HM Queen Elizabeth II is undoubtedly the most famous monarch in the world. Along with Prince Philip, Prince Charles and The Duchess of Cornwall, The Duke and Duchess of Cambridge and The Duke and Duchess of Sussex, they are instantly recognizable. But far less is known about The Queen’s family on her mother’s side, the Bowes-Lyon’s.
The Queen’s mother, Elizabeth Bowes-Lyon, married the second son of King George V and Queen Mary – the future King George VI – in 1923, eventually becoming Queen Consort. One of The Queen’s closest friends, when she was growing up, was Margaret Rhodes. Margaret was the daughter of Lady Mary Bowes-Lyon, elder sister of The Queen Mother.
Being so close in age to The Queen, Margaret Rhodes spent a lot of her childhood with the two princesses, even staying at Windsor Castle with them during World War II. Her memoir, The Final Curtsey, was published in 2012 and became a Number One Bestseller. In it, she details her extraordinarily privileged life as constant companion and confidante of The Queen and Lady-in-Waiting to The Queen Mother.
Margaret grew up in Scotland amid breathtaking wealth, reminiscent of the upstairs inhabitants of Downton Abbey. She spent her summers at Balmoral and regularly visited Sandringham in Norfolk to stay with her cousin. In her world, rank was even observed downstairs, with the butler and housekeeper eating separately from the maids and other lower-level staff. Women who visited the house were expected to change three times a day, culminating in a formal dinner where wearing a tiara was mandatory.
During the war, she worked at MI6 as a secretary, in the department responsible for coordinating agent activity in the Middle East. When interviewed for The Telegraph in 2011, Margaret said: “The King used to tease me, trying to get me to tell him things that were going on, knowing that I couldn’t say.”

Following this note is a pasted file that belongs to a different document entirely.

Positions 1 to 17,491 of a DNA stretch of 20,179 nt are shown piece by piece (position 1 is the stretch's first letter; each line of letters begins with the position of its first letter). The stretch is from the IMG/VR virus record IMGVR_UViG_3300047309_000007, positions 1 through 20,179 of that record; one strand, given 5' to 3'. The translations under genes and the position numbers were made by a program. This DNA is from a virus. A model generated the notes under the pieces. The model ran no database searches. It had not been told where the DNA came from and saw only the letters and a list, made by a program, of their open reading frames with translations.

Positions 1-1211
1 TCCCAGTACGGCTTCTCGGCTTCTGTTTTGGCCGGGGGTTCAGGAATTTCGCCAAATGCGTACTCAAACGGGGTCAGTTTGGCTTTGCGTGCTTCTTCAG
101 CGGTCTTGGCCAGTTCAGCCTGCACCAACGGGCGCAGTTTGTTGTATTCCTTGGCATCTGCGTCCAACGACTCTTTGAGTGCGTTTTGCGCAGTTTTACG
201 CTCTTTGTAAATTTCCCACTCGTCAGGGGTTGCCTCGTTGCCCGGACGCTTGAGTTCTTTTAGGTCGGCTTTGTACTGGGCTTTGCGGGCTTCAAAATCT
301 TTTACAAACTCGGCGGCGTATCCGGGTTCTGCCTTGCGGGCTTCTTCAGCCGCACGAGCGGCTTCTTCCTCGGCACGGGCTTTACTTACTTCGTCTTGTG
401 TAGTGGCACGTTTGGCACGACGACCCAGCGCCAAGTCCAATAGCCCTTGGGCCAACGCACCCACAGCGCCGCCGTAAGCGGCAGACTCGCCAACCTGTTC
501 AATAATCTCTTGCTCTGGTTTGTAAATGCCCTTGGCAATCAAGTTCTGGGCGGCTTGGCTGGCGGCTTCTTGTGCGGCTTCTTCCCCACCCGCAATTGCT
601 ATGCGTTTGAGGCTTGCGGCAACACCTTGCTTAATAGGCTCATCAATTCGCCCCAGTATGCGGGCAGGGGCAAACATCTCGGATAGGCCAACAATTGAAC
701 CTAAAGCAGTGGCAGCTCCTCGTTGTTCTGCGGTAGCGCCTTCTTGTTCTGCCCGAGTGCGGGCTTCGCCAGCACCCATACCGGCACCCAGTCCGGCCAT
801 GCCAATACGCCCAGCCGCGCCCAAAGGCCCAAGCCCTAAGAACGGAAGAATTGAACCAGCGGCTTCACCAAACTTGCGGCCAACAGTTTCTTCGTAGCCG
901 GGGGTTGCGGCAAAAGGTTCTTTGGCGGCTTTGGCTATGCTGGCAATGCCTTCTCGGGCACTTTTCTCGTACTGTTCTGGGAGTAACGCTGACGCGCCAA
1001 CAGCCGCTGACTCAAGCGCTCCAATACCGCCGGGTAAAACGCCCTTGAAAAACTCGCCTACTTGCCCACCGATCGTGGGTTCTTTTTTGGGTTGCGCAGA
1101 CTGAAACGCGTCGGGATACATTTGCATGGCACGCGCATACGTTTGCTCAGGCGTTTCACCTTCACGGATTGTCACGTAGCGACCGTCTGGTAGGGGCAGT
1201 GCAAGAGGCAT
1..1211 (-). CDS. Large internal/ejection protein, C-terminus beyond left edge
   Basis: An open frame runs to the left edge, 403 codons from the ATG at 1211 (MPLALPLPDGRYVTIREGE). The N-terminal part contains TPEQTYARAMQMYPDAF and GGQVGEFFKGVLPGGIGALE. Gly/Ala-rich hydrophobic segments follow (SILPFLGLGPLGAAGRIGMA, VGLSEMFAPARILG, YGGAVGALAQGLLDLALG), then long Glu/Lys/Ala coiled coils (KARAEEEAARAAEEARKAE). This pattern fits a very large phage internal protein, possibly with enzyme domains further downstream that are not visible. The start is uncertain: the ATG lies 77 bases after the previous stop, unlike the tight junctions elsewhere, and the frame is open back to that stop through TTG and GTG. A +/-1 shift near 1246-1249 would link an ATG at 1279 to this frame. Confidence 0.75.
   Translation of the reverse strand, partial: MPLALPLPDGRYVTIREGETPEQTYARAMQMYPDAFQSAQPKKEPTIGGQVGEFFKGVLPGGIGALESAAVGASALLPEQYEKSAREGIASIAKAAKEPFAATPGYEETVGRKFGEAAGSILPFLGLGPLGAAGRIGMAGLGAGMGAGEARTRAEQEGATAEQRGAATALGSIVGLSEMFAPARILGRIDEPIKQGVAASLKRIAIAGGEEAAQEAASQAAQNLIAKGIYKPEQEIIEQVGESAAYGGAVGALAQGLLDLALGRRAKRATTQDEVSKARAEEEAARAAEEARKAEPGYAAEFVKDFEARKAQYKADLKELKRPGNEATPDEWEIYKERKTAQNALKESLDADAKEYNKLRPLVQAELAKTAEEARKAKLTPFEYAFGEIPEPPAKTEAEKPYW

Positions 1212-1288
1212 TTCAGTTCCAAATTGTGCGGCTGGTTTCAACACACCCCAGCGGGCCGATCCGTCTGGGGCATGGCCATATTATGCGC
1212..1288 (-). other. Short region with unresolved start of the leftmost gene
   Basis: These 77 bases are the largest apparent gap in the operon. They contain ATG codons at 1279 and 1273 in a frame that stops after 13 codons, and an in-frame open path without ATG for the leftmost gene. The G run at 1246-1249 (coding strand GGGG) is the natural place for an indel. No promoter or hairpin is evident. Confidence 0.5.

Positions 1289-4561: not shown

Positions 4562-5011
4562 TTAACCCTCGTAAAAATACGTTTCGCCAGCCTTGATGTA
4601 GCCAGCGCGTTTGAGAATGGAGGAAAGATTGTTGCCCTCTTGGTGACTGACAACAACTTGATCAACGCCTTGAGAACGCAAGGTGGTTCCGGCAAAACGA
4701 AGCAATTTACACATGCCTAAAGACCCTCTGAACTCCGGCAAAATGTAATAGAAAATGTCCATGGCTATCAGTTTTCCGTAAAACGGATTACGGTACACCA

Margaret encountered many of the world’s most famous people due to her proximity to the Royal Family. In her memoir, she recalls sitting next to Emperor Haile Selassie I of Ethiopia during a banquet being held in his honour at Windsor Castle. The Emperor spoke French and not much English, so the Queen sat Margaret next to him since she knew French well.
It seemed strange, Margaret wrote, to be seated in one of the oldest inhabited British castles, speaking French to an African Emperor. Other prominent figures she encountered were Sir Winston Churchill, Nelson Mandela, and the Dalai Lama.
Margaret and her husband had a love of travel, especially to remote outposts in Asia and Africa. On one such occasion, they found themselves in danger. Margaret and her husband Denys went to the Himalayas in 1963 to attend a Buddhist royal wedding, the wedding of the Crown Prince of Sikkim.
It was there they received an invitation to visit the remote Kingdom of Bhutan, where they were arrested during an attempted coup that almost toppled the reclusive country. Shirley MacLaine, the Academy award-winning actress, was also present. After a ten-hour drive over mountainous terrain to the Indian border, they were detained by armed troops after it was decided that Bhalla, one of the Prime Minister’s aides travelling with them, could not leave.
Eventually, they were all released on the orders of the King of Bhutan.
Margaret died aged 91 in 2016. She led an extraordinary and unusual life as a member of the Scottish aristocracy and cousin to Queen Elizabeth II. She witnessed first hand the importance of duty and family to The Queen as she transitioned into her role as Head of State after her father’s untimely death. Britain’s identity and role have changed dramatically in the past century, yet the one constant that has united the nation has been the reassuring presence of The Queen.
For more on Margaret’s life and times, check out her memoir, The Final Curtsey.